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Agriculturalists Who Influence: Martin Barbre

Agriculturalists Who Influence: Martin Barbre
Day 12 of 30: When farmers become commodity leaders, they push themselves beyond their comfort zones into positions of even greater influence.

I am about to show my bias: I really love working with southern Illinois farmers.

It's true. Maybe because it's home. Or maybe because they have this network going where they just get things done. Or maybe because when they farm it's against just about every odd: soil, weather, soil. Weather.

When I first met Martin Barbre, it was in the late '90s or early 2000s, when I visited him for a story on the nicotine-free tobacco he and his son Brandon were growing on their Carmi, Ill., farm. Talk about a niche crop. (I also learned on that visit that his mom had been my dad's school teacher. Southern Illinois connections at their finest.)

By 2004, we were on a barge together on the Illinois River, working on a story about the upgrades needed on the lock and dam system.

By 2005, he'd become president of the Illinois Corn Growers. And I will admit, it made me more than a little happy to see a southern Illinois farmer head up the state corn association. It was a big deal. His sights were set a little higher, though; by 2014, he became president of the National Corn Growers Association.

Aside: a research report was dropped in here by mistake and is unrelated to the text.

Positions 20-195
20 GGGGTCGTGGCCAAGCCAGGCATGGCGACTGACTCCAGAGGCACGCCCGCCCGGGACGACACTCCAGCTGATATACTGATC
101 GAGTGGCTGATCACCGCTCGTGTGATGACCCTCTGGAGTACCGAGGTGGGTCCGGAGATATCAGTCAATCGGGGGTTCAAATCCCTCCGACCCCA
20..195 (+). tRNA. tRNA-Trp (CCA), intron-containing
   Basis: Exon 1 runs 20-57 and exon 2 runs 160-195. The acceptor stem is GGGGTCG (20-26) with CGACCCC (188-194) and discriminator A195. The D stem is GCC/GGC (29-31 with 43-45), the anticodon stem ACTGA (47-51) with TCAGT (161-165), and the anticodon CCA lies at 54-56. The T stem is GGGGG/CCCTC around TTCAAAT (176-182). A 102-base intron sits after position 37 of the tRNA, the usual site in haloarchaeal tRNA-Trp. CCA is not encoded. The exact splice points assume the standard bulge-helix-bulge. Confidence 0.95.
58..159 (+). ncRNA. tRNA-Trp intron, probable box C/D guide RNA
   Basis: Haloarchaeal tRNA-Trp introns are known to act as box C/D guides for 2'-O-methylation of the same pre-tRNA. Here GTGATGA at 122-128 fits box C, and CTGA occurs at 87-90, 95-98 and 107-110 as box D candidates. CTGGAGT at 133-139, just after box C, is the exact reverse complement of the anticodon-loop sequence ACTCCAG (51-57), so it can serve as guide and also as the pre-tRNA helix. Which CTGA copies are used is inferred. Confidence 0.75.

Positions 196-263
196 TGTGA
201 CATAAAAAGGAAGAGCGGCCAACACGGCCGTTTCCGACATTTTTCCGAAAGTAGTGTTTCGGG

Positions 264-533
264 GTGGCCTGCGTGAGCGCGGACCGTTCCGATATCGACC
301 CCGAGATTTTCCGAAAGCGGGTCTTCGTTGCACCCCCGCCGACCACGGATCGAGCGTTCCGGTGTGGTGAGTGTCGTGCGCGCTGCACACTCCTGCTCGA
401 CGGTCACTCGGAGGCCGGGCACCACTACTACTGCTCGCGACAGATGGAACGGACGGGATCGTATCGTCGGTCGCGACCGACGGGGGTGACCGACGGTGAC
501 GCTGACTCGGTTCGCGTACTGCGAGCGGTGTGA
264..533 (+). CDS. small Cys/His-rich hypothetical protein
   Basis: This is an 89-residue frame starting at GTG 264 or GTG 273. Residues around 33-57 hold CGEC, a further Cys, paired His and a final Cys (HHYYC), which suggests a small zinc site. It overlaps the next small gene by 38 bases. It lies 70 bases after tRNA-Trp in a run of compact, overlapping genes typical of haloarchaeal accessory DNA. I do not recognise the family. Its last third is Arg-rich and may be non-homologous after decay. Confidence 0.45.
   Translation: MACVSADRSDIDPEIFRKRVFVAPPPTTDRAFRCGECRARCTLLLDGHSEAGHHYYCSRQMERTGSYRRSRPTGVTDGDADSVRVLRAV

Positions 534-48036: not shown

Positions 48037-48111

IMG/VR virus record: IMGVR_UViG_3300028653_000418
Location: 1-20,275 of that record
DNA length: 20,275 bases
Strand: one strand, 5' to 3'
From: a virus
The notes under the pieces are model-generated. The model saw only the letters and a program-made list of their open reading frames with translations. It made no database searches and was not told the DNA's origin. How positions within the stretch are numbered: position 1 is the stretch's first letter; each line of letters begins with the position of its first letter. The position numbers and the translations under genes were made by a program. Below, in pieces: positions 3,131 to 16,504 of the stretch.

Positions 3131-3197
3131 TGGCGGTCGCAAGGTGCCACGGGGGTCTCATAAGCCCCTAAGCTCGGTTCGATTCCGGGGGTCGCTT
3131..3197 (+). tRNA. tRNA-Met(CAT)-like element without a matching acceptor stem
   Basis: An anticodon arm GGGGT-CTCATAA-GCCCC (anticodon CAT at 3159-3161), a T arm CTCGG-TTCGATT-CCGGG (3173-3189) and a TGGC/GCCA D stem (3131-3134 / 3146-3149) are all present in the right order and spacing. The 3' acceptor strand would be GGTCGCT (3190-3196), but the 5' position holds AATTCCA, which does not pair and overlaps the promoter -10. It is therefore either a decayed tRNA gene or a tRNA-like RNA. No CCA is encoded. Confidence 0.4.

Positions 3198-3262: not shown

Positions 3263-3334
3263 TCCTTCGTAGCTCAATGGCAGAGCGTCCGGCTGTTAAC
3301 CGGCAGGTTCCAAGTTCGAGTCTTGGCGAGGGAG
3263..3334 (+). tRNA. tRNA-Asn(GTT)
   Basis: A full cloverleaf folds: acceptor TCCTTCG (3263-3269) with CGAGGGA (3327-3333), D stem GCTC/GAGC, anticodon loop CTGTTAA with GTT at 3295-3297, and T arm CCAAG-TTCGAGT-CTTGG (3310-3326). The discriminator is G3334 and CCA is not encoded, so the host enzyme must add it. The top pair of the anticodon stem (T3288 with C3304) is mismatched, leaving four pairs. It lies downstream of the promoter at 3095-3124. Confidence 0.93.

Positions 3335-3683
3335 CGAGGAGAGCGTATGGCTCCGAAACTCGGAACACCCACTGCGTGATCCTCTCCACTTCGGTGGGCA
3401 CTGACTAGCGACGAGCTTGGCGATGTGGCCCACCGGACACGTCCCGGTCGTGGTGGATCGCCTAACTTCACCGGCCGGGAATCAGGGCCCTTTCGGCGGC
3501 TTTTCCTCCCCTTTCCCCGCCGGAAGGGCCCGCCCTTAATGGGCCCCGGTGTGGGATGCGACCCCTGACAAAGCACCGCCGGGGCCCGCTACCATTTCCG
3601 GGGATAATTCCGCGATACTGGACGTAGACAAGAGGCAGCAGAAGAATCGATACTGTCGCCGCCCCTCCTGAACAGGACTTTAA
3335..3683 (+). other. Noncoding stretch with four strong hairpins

Last winter, I sat in a press conference at the Commodity Classic where he called me out as his southern Illinois neighbor and I couldn't help but think: what are the odds? Two kids from southern Illinois, making ag news and covering ag news. Martin was in a position of real influence. Truth be told, he had been for a long time.

It was at that press conference that Martin announced NCGA's initiative with the American Soybean Association and nearly 30 other groups, called the Coalition for Safe, Affordable Food. The coalition calls for national standards for the safety and labeling of food and beverage products made with GMOs. As it turned out, Martin had served for several years as head of NCGA's Biotechnology Working Group. I began laying plans for a story on GM labeling laws, and Martin and I planned a visit for the next time I was home.

The day we were to meet, I made my way down to the White County bottoms where he and his family farm 4,200 acres. We drove around, looked at corn and talked about labeling laws, activists and America. And fear mongering. And visits to Washington, D.C.

In case you've ever wondered, one of the greater perks of this job is riding around in a truck with farmers.

I was struck again that day of the difference one person could make. Influence. On the family he farms with, on the state he serves, on the politicians he lobbies. On the laws he pushes for, the funding he'd like appropriated and the biotechnology – and ethanol – he'd like to use.

It's all part of what makes him an agriculturalist who influences.

Agriculturalists Who Influence: The Series

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